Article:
• Item 1: price list for 2014/2015 dated 01/07/2014. The price list is composed of two pages. The first is a cover page and the earlier marks ‘PERFORMAX’ are displayed on it affixed to three pill containers. There is contact information. In addition to the earlier marks, the following words are also written on the three containers: ‘Vitamin C Kompakt 1000 mg 60 Tabletten’, ‘Multi Vitamine & Mineralstoffe ESSENTIALS 30 Tabletten Vitamin B-Komplex’ and ‘Trimare Omega 3-Fettsäuren ESSENTIALS 65 Kapseln DHA200; von EPAX’. The second page contains a table. It is divided into three columns, headed ‘Produkt’, ‘Einheit’ (which includes numbers followed by ‘Tabletten’/‘Kapseln’/‘Gramm’) and ‘Preis’ (which includes prices in euros). The products are divided into several categories: ‘Essentials’, ‘Wellness’, ‘Extra’, ‘Lifestyle’, ‘Body-specials’ and ‘Bio-specials’. The earlier marks ‘PERFORMAX’ are included at the start of the name of each product listed. In addition to the earlier marks, the products listed include words such as ‘Multi’, ‘Vitamin C’, ‘Trimare Fischöl Omega 3’, ‘Vitamin D’, ‘Coenzym Q10-H active’, ‘Vitamin E’, ‘L-Carnitin’, ‘Magnesium’, ‘CLA-Clarinol’, ‘Vitamin B12’ and ‘Yolac’. The price list is in German and English. The opponent submitted a partial translation and part of the text is self-explanatory (e.g. ‘Vitamin C’, ‘Magnesium’, ‘Coenzym Q10’).

  • Item 2: six product leaflets named ‘Essentials’, ‘Age-essentials’, ‘Protectives’, ‘Body-Specials’, ‘Bio-Specials’ and ‘Energy-specials’. The earlier marks and the contact information of a German company are on all the pages. The date 10/01/11 is also on all the pages and, according to the opponent, the indication ‘110107’ at the bottom left of the pages refers to 07/01/2011. Although the text is in German, some of the headings and names of nutritional supplements are self-explanatory, for example ‘Multi’ on pages 2 and 3; ‘Vitamin A’, ‘Vitamin B1’, ‘Vitamin B2’, ‘Vitamin B3’, ‘Vitamin B5’, ‘Vitamin B6’, ‘Vitamin B12’, ‘Vitamin C’, ‘Vitamin D3’, ‘Vitamin E’, ‘Vitamin K1’, ‘Calcium’, ‘Magnesium’, ‘Jod’, ‘Mangan’, ‘Chrom’, ‘Bor’ and ‘Zink’ on page 3; ‘Coenzym Q10-H active’ on page 4; ‘Yolac 5 (Probiotikum)’, ‘Lactobacillus acidophilus LA02’, ‘Lactobacillus rhamnosus LR04’, ‘Lactobacillus plantarum LP01’, ‘Bifidobacterium lactis BS01’, Bifidobacterium breve BR03’, ‘Mineralen’, ‘Chlorophyll’ and ‘Vitaminen’ on page 11; and ‘Coenzym Q10’ and ‘L-Carnitin’ on page 12.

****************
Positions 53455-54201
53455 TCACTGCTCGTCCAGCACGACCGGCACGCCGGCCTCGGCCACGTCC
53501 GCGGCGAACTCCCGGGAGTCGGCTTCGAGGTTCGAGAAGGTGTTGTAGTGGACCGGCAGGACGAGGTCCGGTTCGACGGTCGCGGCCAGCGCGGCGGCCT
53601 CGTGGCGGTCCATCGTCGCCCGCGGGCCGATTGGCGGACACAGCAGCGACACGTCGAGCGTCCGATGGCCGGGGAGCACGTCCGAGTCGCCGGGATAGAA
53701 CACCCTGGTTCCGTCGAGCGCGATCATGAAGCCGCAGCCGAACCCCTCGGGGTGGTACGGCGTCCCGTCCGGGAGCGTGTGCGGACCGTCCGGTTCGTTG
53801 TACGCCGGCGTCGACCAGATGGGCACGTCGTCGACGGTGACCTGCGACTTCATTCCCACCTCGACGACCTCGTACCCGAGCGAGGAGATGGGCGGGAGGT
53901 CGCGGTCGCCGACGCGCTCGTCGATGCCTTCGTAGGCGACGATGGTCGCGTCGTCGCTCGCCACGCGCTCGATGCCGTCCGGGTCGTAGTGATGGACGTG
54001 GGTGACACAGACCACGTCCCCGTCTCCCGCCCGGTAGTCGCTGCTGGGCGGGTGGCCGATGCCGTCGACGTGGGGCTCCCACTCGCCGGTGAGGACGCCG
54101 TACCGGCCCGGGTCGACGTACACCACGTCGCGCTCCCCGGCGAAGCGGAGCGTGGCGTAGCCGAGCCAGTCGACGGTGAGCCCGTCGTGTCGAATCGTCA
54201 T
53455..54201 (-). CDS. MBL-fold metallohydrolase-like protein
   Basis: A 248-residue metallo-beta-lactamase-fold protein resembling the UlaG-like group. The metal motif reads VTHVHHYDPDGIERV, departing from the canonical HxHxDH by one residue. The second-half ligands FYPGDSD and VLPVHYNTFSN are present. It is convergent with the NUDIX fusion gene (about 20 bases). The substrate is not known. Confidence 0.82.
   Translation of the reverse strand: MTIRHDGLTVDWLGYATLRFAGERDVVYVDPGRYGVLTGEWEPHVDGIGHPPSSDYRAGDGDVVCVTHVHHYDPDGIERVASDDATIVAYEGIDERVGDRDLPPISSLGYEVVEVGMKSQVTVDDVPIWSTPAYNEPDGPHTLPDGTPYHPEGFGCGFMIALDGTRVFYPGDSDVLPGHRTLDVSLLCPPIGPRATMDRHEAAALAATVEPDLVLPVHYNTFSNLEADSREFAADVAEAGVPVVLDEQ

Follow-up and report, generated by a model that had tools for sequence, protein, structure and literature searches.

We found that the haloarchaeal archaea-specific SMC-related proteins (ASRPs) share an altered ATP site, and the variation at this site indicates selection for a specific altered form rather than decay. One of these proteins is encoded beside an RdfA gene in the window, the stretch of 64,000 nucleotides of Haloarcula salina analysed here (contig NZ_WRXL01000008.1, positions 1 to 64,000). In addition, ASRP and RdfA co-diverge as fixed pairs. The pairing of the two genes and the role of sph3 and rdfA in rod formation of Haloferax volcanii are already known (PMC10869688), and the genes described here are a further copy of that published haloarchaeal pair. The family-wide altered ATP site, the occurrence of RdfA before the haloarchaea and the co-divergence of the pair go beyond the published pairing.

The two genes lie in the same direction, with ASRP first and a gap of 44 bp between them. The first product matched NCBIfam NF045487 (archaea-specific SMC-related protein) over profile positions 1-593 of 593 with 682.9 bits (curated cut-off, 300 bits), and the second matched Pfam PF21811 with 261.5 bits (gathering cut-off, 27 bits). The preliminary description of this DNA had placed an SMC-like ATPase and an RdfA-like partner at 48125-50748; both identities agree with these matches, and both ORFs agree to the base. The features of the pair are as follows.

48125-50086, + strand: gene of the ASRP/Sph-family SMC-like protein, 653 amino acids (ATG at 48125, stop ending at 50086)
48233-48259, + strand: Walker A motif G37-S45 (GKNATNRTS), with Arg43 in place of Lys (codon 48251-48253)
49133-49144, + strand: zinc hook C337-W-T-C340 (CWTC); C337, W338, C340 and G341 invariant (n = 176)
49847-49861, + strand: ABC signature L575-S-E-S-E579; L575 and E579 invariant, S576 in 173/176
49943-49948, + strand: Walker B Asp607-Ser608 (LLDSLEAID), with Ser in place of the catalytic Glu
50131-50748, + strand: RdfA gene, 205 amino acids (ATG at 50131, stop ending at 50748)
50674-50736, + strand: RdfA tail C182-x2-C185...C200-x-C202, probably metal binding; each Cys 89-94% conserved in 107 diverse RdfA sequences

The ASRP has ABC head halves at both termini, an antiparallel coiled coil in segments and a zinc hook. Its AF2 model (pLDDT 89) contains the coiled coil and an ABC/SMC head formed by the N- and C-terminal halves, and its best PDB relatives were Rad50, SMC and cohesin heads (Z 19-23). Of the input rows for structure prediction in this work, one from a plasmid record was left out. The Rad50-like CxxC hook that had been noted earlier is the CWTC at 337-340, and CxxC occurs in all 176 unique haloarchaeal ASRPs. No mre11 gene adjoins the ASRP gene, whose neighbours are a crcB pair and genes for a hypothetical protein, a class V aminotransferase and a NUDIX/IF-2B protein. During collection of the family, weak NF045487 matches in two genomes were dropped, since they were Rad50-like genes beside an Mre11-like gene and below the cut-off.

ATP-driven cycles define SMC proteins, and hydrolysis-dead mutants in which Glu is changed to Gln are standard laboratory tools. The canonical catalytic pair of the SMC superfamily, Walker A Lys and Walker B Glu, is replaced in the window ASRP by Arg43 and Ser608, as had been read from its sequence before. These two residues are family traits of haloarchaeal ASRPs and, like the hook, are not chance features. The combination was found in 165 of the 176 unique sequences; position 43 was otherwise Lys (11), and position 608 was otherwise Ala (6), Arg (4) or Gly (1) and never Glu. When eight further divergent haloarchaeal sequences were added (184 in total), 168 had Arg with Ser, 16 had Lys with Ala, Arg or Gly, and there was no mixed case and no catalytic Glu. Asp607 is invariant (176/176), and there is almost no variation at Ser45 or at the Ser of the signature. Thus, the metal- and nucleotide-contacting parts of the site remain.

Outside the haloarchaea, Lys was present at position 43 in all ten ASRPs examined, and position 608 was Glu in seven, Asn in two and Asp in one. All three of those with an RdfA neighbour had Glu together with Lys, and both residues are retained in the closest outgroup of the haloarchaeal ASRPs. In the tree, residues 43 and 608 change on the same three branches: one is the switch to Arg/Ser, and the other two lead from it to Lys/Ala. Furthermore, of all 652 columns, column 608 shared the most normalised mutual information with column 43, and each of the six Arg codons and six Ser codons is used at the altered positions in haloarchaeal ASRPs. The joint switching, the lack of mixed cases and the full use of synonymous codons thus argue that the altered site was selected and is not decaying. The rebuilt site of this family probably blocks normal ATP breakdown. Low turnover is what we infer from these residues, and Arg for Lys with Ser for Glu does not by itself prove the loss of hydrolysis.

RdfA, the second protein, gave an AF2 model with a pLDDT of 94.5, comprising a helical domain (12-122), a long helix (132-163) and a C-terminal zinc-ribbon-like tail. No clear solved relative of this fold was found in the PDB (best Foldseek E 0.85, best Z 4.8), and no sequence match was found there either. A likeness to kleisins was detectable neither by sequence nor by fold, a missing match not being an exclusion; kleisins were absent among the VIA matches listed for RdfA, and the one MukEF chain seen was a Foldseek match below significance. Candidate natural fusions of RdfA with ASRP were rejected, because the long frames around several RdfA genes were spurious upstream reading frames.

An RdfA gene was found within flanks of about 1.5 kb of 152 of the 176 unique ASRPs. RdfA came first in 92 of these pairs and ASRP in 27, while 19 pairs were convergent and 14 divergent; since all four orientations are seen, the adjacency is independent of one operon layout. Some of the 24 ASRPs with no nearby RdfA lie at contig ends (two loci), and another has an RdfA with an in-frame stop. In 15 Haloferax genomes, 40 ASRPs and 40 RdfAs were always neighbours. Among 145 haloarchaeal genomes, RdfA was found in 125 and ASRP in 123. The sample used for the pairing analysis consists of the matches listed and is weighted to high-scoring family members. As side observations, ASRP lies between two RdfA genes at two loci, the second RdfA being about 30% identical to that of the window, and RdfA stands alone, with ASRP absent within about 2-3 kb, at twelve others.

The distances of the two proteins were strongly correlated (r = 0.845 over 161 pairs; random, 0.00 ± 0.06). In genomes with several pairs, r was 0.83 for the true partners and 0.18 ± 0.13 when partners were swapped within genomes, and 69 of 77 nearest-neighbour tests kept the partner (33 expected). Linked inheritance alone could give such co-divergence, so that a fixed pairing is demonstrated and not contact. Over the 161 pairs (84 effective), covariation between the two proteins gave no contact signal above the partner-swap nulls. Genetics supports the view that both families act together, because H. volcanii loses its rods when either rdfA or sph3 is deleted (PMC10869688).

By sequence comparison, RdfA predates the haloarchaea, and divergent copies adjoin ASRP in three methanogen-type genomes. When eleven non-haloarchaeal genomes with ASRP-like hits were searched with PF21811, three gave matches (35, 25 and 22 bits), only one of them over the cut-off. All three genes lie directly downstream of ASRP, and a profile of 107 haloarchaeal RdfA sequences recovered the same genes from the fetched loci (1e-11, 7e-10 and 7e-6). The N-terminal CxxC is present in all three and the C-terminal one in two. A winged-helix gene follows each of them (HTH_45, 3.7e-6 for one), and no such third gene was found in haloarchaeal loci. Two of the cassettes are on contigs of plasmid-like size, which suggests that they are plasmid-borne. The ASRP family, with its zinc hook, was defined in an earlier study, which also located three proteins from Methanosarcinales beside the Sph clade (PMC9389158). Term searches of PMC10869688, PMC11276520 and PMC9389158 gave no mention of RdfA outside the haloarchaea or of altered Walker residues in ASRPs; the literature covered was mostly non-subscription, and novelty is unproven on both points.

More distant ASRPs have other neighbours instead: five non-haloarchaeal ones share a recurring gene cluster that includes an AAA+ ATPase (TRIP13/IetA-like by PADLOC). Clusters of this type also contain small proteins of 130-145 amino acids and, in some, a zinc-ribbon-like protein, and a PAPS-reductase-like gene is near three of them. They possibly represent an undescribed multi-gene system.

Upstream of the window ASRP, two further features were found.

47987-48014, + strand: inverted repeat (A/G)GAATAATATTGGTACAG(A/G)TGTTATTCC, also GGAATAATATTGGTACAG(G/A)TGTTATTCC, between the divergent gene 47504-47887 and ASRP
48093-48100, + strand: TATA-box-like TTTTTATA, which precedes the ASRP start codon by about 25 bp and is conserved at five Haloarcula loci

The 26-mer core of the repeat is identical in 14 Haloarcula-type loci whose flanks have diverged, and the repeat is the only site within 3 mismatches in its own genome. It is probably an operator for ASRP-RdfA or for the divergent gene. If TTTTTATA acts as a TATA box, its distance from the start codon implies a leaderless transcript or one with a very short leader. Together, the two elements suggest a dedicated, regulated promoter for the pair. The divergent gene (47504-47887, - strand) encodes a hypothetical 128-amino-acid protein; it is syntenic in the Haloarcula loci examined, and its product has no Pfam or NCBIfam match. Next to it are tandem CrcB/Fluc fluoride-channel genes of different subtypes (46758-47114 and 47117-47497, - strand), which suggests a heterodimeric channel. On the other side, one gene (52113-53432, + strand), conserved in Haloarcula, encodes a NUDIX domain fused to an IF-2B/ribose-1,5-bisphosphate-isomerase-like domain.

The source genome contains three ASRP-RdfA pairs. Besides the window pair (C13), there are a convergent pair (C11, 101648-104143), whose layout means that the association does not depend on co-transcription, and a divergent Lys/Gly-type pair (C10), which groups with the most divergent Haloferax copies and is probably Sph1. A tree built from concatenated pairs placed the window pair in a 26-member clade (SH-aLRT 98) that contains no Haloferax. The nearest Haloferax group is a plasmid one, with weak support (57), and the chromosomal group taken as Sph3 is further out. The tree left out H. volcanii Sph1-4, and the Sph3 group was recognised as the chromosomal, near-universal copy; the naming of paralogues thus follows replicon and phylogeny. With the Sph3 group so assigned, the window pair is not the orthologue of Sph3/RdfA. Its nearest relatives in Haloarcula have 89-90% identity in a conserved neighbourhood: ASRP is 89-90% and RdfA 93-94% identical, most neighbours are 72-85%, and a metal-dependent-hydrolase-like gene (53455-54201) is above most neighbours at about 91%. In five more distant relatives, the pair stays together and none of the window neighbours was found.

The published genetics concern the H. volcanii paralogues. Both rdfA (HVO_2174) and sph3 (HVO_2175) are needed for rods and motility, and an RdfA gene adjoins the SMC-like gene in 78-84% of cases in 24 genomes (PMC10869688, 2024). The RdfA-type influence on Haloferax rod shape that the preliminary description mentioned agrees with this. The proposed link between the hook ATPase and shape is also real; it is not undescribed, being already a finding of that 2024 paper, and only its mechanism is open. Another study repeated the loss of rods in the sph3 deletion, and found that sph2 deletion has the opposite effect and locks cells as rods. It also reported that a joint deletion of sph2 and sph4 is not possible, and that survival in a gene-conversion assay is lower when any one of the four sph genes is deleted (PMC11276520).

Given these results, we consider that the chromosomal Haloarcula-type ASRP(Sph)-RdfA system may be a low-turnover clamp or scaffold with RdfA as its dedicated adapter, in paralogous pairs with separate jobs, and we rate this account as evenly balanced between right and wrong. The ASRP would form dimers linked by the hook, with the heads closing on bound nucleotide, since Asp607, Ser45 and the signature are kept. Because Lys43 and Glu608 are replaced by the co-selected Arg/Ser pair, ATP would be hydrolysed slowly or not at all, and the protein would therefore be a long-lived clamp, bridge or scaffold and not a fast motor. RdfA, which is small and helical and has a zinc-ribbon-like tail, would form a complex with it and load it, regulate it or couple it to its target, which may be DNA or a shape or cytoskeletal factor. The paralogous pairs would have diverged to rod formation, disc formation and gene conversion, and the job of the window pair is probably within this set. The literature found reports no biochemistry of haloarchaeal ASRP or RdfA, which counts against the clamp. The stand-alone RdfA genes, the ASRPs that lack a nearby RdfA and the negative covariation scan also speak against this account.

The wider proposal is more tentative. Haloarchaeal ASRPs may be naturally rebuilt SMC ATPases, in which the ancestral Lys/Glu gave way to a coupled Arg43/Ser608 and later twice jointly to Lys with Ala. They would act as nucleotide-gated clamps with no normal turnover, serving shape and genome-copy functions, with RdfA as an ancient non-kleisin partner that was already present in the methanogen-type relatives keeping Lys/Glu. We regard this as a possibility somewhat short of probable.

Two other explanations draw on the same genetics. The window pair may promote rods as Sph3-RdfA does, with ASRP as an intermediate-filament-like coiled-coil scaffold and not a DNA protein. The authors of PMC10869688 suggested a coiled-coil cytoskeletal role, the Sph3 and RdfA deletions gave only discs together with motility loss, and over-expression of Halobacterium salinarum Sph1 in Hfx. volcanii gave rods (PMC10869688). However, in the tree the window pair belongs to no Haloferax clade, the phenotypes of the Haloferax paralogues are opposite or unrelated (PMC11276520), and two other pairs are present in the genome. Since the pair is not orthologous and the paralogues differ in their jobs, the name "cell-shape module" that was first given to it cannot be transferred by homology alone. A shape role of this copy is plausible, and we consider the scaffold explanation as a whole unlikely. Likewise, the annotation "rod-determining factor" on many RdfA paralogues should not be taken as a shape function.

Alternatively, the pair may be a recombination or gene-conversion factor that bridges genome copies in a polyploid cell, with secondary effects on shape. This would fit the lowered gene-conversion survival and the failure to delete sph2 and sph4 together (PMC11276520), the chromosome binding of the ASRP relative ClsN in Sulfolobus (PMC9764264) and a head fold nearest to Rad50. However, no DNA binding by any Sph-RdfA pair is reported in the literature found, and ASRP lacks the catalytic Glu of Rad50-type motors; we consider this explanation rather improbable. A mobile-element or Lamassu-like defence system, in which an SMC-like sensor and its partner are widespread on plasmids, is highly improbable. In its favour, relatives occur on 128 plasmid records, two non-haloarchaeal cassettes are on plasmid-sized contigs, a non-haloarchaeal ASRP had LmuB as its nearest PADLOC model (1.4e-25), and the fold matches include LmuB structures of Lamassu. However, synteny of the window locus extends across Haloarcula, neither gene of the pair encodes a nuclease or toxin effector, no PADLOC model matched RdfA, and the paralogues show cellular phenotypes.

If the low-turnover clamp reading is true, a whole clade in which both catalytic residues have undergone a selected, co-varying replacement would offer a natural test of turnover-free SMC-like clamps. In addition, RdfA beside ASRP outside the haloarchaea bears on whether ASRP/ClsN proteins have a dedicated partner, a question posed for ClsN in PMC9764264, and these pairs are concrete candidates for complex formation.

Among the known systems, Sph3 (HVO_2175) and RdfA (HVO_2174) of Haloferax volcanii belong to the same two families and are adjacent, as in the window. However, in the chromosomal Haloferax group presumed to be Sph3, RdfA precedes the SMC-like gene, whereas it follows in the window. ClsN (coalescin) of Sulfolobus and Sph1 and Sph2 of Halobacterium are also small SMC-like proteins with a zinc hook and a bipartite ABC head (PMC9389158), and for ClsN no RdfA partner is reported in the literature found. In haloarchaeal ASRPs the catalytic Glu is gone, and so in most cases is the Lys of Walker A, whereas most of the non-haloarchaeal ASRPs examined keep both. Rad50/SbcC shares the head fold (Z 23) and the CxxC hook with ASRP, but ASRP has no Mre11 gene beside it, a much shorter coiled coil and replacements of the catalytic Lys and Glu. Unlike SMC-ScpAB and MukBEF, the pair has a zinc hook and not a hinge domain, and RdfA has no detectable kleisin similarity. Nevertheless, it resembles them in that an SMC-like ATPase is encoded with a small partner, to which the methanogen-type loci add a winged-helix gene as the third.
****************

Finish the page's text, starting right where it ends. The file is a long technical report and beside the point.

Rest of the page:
• Item 3: printout dated 09/09/2015 from the website http://www.performax.de/verkaufsstellen. The earlier marks appear several times. The excerpt contains a list in German and its headings are translated by the opponent, on page 2 of its observations dated 10/09/2015, as ‘Company –Owner – Street – Postal Code – Province’. The first column contains the word ‘Apotheke’ several times and the last columns are German towns. Therefore, it is self-explanatory that the document is a list of points of sale. However, the excerpt was made approximately one year after the end of the relevant period.

  • Item 4: excerpts from the website http://www.performax.de/ as it was on 22/07/2011, 22/04/2012, 25/12/2013 and 08/01/2014, recovered on 09/09/2015 through the Internet Archive website Wayback Machine. The earlier marks are displayed on the website and they are also affixed to pill containers. The text of the website is in German, but the images of containers and the text contain some self-explanatory words such as ‘Vitamin C’, ‘Essentials’, ‘Probiotika’, ‘Bio-Specials’, ‘Multi’, ‘Vitamine D’ and ‘Vitamine E’. According to the opponent, the slogan ‘Ernährungsprofis empfehlen Performax’ and the expression ‘Performax Vitamine und Mineralien’, which appear several times, mean ‘Nutrition professionals recommend Performax’ and ‘Performax vitamins and minerals’, respectively.